To add more fuel to the fire – Chris left. Well, not in the sense of leaving for good (I think after 8 years, if we were going to part, we would have done it my now.. and anyway, we need to plan this wedding) but he was sent away for work to a place where he could not get home often and he was required to work shifts (meaning I could not go and visit either). This means I am on my own. I am on my own during my PhD journey and I am on my own at home. I had thought that it would be a nice experience being on my own (as he was away vising home last week), but I could not have been more wrong. It’s like everything you had hoped for and worked for taken away in a flash and there is absolutely nothing you can do about it at all. Luckily, Chris has been able to call frequently so in-between working at my desk and meetings, we can chat here and there. But its not the same as having someone at home and someone to share you life with. I know everyone says that it’s okay and making sure that you are surrounded by people (friends, family, colleagues etc) will help. But for me, up until now, it hasn’t. I have realised that having a bit of a life every now and then is good and can help you mingle with others so that’s what I plan to do.

You might start to ask why this is all relevant, and why I am blogging about the other stuff in my life that don’t involve my PhD? Well in fact, they do. When home life and uni life are not a fabulous match, or something is taken away from you, you crash and you burn. Not only do you crash, you have to fight to get back up and quite often this needs a little bit of help. For me, it was the point where I felt I could not get back up, the point where I felt I could not work when in fact all I needed to do what get a life and get some help.

The point I am trying to make is that at some point, everyone needs help. I used to be the person that support students through the toughest times, from feeling stressed and anxious to wanting to harm themselves and I used to question how they felt so bad. Well, now I know. It’s not a case of XYZ has happened and then you fail. It’s a case of X then Y then Z happened and you fall. It’s all built up and often, it all becomes just too much and you tip over the edge from being happy-as-Larry, to being someone who is in absolute despair.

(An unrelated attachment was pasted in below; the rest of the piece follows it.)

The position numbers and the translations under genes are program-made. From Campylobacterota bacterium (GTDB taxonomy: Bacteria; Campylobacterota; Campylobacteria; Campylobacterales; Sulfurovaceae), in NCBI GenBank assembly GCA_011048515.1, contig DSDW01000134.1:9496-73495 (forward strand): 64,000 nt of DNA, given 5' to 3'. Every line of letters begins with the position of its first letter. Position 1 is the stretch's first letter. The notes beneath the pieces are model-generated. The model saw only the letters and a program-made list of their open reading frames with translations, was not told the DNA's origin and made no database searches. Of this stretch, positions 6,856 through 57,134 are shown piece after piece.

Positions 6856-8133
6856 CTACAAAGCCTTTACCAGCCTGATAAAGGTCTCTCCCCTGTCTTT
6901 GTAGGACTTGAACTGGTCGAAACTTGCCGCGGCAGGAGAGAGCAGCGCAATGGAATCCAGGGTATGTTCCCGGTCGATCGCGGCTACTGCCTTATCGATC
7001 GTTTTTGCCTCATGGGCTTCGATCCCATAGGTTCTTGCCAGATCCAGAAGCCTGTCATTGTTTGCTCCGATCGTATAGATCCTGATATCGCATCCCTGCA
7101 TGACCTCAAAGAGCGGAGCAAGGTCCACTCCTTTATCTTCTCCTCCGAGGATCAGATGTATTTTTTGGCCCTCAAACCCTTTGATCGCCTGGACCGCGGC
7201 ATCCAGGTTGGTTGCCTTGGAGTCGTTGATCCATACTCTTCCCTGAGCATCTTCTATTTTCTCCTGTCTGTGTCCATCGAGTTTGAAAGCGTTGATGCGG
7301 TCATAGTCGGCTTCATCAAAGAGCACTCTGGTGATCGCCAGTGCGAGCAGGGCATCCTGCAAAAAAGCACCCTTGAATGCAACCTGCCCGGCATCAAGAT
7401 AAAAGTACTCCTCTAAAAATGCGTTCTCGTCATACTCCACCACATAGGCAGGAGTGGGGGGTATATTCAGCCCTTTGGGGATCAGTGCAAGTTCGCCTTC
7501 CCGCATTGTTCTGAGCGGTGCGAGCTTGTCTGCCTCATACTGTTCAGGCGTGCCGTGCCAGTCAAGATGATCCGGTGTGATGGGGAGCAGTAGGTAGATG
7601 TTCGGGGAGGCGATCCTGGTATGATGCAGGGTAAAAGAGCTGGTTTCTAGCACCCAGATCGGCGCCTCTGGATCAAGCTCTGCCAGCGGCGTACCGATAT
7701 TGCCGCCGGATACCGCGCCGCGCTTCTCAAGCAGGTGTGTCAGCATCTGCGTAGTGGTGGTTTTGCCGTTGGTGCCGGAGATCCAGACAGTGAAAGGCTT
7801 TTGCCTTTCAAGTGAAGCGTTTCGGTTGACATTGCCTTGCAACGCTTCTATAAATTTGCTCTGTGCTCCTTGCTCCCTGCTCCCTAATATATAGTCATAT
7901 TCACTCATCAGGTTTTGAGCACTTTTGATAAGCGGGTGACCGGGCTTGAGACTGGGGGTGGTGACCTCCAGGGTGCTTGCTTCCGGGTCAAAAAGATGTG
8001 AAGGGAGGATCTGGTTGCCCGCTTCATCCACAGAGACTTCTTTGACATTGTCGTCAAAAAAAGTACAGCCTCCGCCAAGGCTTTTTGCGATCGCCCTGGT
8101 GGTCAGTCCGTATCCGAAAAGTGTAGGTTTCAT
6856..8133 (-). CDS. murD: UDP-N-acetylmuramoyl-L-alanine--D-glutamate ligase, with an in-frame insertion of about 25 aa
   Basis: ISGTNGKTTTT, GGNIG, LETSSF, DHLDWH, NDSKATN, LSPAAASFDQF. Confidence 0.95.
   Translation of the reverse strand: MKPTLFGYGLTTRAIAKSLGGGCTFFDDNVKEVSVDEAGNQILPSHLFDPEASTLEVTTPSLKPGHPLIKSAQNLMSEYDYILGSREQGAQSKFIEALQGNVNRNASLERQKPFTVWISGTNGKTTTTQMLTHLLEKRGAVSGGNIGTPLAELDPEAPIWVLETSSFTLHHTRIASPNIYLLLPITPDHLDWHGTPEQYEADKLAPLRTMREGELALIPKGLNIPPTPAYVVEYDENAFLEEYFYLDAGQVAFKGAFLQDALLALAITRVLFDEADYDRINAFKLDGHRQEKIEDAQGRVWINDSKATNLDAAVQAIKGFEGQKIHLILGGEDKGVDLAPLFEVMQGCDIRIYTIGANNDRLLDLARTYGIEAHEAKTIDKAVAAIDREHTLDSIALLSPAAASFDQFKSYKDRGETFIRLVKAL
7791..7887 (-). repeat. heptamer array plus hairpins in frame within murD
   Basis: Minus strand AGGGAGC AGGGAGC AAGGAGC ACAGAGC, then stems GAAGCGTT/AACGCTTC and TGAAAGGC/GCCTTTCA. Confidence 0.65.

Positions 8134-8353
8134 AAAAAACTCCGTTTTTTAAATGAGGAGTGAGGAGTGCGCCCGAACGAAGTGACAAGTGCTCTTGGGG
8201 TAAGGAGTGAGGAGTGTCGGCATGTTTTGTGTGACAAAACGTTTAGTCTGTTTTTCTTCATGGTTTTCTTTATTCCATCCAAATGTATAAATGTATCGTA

But, for me, knowing that you have fallen and acknowledging that you need help is the best thing that you can do. Not only for your own health and well-being (and sometimes safety – not in my case!) but for your own piece of mind. You may remember back in January when I blogged about stress control and pretty much said the same thing. However, there is a slight difference here. It might not be things stressing you out as such, it might be emotional or psychological (or dental!!) pain that you have gone through that have brought you down. There might be a number of little things building up (such as the upset of a partner leaving suddenly) and it only takes that one thing to send you over the edge of happiness and then it’s too late to pull yourself back.

The most important thing (in my opinion) is to get the help you need. I approached my director of studies as she seems to do really well at calming me down. However, I knew that there are some things that she simply cannot help with and some things that no supervisors are qualified to do, and for me she knows this too. So what I did was simple, I asked for help from people who can help and people who are qualified and people who can make the best of a bad situation.

So what I am trying to say is simple…

We all go through times where we fell like something had brought us down or we have been left it behind. DO NOT LET THIS DEFINE YOUR PHD. More importantly, when you feel like these things keep going and going, and you just can’t do it anymore – stop. Stop and tell yourself that you can do it. Stop and tell your supervisor you need help. Stop and ask someone else for help and don’t be shy to.

I have great respect for people who have gone through the bad times and then got to the good times as they are the ones who have acknowledged that they need a little push in the right direction to bring themselves back to the top again. They are the ones I admire.

So for now, I have decided that I won’t be blogging about the kind of help I have asked for or the content of these discussions as these are personal to me. But what I can tell you that I’ll continue to blog about the good times and even the bad times that a PhD brings, no matter how soppy it may be.